In the Spotlight

Kellie P. Easton

What makes you YOU?

My drive to bring my tangible self into the fullness of my conscious self makes me, me.
I was raised by beautiful people who allowed me to believe that I was great just as I am and who gave me a strong spiritual foundation that has truly framed so much of my decision making in life.  I also believe African American culture has shaped so much of who I am.  I see myself as creative and draw upon the many assets and blessings from my ancestors for resources throughout every aspect of my life.
What are you most proud of?

I am most proud of the wisdom of my children Kalonji and Karoline-Kellie.  I spent and continue to spend so much time educating them on who they are, the many ways in which they can contribute to our world, and the importance of purpose, mission and community.  When I hear and see how they respond to worldly events and even events in their own personal lives I am most proud.
What keeps you going when things are tough?

Faith.  I see the work I do as a continuum of work that has taken place in the past and the work that will be required in the future. Though it often feels as though we have so far to go to achieve change, I hold that in tension with how far we have come and I am encouraged to keep going.

What keeps you up at night?

Really nothing.  I sleep well at night. Sleeping well is one way I measure my self care and mental health. 90% of the time I sleep throughout the night and wake up ready to jump into action.



Wren Monokian

What makes you YOU?

I’ve been regularly referred to as a “force of nature,” which I now wear as a badge of honor. I say “now” because I was socialized to believe that women should be demure and docile, and so being described as something powerful was an idea I struggled to accept about myself. I like to use the space I take up in society to lift up others around me. Whether in work or in life, my goal every day is to be a support to those who need it. I feel like most of my inspiration to evolve and to do better comes from doing work with and for queers and others who belong to other marginalized communities.

What are you most proud of?

I’ve put in the work to grow and develop who I am as a person. Much of this didn’t occur until my mid-thirties. I had to learn how to move my identity away from who I was in proximity to others (a partner, a mother, etc.) to who I actually am. The pandemic changed me as I know it did many others, and it forced me to face some uncomfortable truths about myself that could have broken me. When faced with that reality, I chose myself, perhaps for the first time in my life. We aren’t always given permission to put our needs ahead of others and that’s a fail on society. It’s okay to see to your own needs.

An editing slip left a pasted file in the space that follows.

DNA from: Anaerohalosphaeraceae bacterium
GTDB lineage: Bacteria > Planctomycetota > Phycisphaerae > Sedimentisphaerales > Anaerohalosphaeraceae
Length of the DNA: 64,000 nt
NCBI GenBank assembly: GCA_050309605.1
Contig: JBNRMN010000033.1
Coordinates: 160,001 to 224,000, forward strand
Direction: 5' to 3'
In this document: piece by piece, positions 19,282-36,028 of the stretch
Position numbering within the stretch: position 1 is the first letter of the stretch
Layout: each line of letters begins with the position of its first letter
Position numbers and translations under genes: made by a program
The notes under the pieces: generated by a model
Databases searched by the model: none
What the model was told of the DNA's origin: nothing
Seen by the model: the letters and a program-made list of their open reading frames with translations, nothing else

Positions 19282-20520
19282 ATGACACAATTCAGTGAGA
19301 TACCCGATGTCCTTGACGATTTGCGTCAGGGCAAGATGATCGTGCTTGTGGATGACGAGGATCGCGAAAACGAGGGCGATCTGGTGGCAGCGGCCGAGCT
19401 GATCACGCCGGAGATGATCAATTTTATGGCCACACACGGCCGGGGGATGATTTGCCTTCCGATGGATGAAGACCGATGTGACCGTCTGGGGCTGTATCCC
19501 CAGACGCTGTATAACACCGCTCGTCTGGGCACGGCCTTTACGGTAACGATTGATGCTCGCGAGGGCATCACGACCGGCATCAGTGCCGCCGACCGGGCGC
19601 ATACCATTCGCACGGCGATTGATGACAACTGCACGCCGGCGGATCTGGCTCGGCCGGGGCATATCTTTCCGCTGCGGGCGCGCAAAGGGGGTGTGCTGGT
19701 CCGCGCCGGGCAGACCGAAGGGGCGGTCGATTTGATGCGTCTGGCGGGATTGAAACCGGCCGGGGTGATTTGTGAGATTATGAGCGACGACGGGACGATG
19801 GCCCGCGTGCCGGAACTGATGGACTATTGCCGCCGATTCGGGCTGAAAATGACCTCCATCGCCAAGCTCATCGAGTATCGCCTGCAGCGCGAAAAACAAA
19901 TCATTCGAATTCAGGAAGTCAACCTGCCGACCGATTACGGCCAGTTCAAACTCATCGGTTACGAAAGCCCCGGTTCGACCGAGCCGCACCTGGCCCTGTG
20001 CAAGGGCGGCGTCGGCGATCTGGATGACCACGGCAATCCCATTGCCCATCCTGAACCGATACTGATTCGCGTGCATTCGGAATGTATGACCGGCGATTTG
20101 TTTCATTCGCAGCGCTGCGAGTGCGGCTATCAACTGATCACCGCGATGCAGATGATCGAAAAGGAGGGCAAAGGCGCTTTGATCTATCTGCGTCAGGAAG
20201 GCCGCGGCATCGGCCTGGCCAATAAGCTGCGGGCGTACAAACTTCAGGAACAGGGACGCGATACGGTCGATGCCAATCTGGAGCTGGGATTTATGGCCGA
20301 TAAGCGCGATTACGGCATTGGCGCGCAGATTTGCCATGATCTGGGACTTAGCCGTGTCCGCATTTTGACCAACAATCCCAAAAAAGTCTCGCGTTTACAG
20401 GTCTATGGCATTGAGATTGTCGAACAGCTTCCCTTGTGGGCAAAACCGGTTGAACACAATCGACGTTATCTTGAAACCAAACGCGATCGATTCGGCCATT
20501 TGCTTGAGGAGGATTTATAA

What keeps you going when things are tough?

I draw a lot of motivation from my partner and children. My partner manages to both challenge and support me in ways that are absolutely necessary for my personal growth. They are also really killer with book recommendations (need a horror suggestion, let us know). My children are the purest reflections of myself, which can be equally annoying and amazing. Watching them grow into their own character, personality, and identity reminds me that we are all constantly evolving and should be support systems for one another, even during times of literal isolation. Feeling the unconditional love and support of my family during some of the most trying years of my life absolutely carried me through and kept me going, especially considering how challenging life has been for them as well.

What keeps you up at night?

If it’s not the four cups of coffee I’ve had throughout the day (shout out to Camel City Coffee and Coffee Park Airstream), it’s usually me remembering awkward interactions I had throughout the day. Ever say “I love you” to a client when hanging up the phone? I’m also an incredibly Type A personality with multiple calendars and notebooks, so I like to plan ahead and organize what I’m going to do the following day. Sometimes I try to work out a budget that will allow me to buy that 13-foot skeleton from Lowe’s, so I focus on only the most important things as you can see.



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